The Right to Luxury Won’t Lead to a Life of Luxury

We are living at the pinnacle of human flourishing. Taking these Blessings for granted has caused some politicians, bureaucrats and interested parties (PBIs) to push forward a narrative that people have a “right” to luxury. In his Op-Ed, Allen Thomas explains that The Right to Luxury Won’t Lead to a Life of Luxury.

There has been a lot of political posturing regarding privilege recently and it really got me thinking about the privileges I actually have. I have been to over 8 different countries on 3 different continents and have found that the greatest privilege has nothing to do with my skin color or sex but rather where I was born. Growing up in the USA, I have had access to virtually limitless water, electricity, resources, health care, technology, and nearly any other luxury you can name before I was even born. I have this access not because I was born to the upper echelons of society but merely because the standard of living in America is greater than any other country on the planet.

This access to all of these resources has affected how we see and perceive the world. So many things are taken for granted and some are now perceived as “basic human rights.” We have allowed the affluence of our country to guide our political policy while forgetting what policies and principles got us to this point in the first place. These luxury beliefs only happen when the basic human necessities have been fulfilled to such a point that survival is no longer a question, but a norm. When we start to confuse actual rights with these luxury beliefs, we will soon find that we have neither.

The conditions of freedom and personal rights have led to the ubiquity of these luxury rights. The belief that health care or green energy or any of the other initiatives are “rights” is only because capitalism has created the abundance that has produced these beliefs. These luxury rights are standing on the shoulders of capitalism and calling themselves tall. The irony is these luxury beliefs are the antithesis to the principles responsible for the creation of the affluence and abundance we now see.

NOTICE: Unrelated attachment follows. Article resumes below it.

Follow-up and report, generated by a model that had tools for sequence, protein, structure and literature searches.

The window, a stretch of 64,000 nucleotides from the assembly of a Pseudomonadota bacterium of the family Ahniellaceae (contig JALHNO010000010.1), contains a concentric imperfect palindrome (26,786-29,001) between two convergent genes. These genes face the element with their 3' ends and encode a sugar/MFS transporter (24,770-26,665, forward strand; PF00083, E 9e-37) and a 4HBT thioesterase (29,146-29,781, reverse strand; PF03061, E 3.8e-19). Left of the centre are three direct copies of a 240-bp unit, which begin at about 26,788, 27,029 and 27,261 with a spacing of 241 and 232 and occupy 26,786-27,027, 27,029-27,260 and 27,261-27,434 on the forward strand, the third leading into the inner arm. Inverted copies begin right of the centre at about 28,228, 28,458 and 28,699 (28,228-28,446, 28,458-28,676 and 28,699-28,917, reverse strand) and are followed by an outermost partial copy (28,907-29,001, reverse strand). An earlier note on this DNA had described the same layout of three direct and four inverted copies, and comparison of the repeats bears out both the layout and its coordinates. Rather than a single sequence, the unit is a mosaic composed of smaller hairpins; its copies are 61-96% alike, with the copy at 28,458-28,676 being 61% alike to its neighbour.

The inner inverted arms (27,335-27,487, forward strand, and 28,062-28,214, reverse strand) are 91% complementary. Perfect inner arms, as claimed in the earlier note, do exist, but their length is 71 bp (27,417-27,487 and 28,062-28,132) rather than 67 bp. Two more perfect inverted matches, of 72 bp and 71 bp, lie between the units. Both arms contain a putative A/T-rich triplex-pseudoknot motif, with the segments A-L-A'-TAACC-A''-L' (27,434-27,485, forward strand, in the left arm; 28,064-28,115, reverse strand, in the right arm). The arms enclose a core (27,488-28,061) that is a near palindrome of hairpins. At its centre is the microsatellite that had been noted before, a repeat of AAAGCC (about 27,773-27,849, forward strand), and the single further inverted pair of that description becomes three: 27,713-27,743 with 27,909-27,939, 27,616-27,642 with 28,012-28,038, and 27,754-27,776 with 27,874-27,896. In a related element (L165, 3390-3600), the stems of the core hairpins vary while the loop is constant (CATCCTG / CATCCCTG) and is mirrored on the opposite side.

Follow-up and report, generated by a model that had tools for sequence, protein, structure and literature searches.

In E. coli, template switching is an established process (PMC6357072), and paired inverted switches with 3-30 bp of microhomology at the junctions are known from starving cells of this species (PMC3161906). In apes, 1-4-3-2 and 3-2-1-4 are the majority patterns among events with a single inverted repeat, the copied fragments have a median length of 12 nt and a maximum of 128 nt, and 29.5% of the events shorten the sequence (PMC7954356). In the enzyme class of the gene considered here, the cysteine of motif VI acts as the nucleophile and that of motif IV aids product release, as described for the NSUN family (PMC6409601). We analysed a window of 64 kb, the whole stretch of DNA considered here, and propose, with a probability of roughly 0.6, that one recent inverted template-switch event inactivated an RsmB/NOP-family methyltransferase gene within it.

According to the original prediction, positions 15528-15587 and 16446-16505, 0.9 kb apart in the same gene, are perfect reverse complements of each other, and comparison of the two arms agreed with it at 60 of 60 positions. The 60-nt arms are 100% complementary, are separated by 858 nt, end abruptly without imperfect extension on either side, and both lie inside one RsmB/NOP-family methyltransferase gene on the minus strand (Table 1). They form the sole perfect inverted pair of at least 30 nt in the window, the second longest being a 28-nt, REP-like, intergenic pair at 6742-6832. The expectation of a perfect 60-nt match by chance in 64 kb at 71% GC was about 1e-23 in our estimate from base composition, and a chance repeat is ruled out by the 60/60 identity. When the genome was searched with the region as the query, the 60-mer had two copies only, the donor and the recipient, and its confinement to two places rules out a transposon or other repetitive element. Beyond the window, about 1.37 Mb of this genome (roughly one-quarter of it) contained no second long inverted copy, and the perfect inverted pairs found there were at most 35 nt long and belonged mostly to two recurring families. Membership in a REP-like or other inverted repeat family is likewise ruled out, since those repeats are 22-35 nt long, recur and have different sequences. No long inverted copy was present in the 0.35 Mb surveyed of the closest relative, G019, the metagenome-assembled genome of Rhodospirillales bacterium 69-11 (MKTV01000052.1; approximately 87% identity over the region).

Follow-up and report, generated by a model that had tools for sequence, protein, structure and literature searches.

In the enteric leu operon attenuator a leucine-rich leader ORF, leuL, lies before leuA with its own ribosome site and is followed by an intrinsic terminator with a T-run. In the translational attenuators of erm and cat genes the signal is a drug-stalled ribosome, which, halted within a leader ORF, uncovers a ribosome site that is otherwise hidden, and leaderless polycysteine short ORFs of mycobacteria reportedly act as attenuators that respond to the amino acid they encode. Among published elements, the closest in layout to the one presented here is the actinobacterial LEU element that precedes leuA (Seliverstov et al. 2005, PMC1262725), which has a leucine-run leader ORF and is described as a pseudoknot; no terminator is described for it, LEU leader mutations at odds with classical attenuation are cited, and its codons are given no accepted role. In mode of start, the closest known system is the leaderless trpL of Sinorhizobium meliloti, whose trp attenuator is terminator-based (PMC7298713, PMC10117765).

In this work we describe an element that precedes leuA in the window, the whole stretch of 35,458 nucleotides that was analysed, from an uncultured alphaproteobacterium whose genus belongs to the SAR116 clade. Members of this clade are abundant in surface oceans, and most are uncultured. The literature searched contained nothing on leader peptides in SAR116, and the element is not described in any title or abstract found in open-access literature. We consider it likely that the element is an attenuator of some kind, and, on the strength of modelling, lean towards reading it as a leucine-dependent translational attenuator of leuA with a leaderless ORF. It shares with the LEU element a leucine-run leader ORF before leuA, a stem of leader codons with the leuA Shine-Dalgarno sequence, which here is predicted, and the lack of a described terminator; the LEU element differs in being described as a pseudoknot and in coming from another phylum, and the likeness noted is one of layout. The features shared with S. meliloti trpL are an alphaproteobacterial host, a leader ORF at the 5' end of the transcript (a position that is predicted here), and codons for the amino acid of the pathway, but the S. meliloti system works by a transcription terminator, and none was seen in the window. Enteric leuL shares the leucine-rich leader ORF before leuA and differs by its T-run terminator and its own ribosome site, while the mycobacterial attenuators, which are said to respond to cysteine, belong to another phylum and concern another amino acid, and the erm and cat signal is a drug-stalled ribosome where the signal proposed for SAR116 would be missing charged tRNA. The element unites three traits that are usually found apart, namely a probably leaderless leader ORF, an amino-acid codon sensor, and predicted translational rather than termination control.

AOC, Obama and many on the left have been saying in recent years that health care is a basic human right. They opine that our healthcare system in the USA is subpar and we are owed the right to healthcare. The problem is, whenever they impose legislation to make healthcare more affordable or available it tends to have the exact opposite effect. The Affordable Care Act increased insurance premiums and made medical care much more expensive. In an effort to help the poorest among us, they have only hurt them. Medicare and Medicaid were created with the best of intentions to provide medical care to all but the results actually hurt everyone by driving up health care and drug costs. The result of the luxury belief that health care is necessary: worse health care.

Another great example of the pain caused by luxury beliefs is the incessant push for more green cars and energy. Both of these require ample amounts of money. The green agenda has been forced on every American through legislation, executive orders and a bevy of regulations. None has been more aggressive than California and recently California urged their citizens not to charge their cars due to an energy crisis. And how can we ignore the lives lost in Texas when a severe winter storm hit the state, and their over-reliance on green energy caused the power outages? These problems cause the most pain to the most susceptible of society; the luxury beliefs of the elites and intellectuals actually hurt the very people whom they say they want to help.

These luxury beliefs need to be seen for what they actually are: the most stunning example for the success of capitalism and natural human rights. The innovation, creativity and mutual benefit gained from the system created by these principles is responsible for all the luxury we live in today. Instead of trying to undercut the very institutions that have created the opportunities and abundance in our country we should instead stand up for them and educate ourselves and others about how wonderful our fundamental beliefs are. As the saying goes, if it isn’t broke, don’t fix it.



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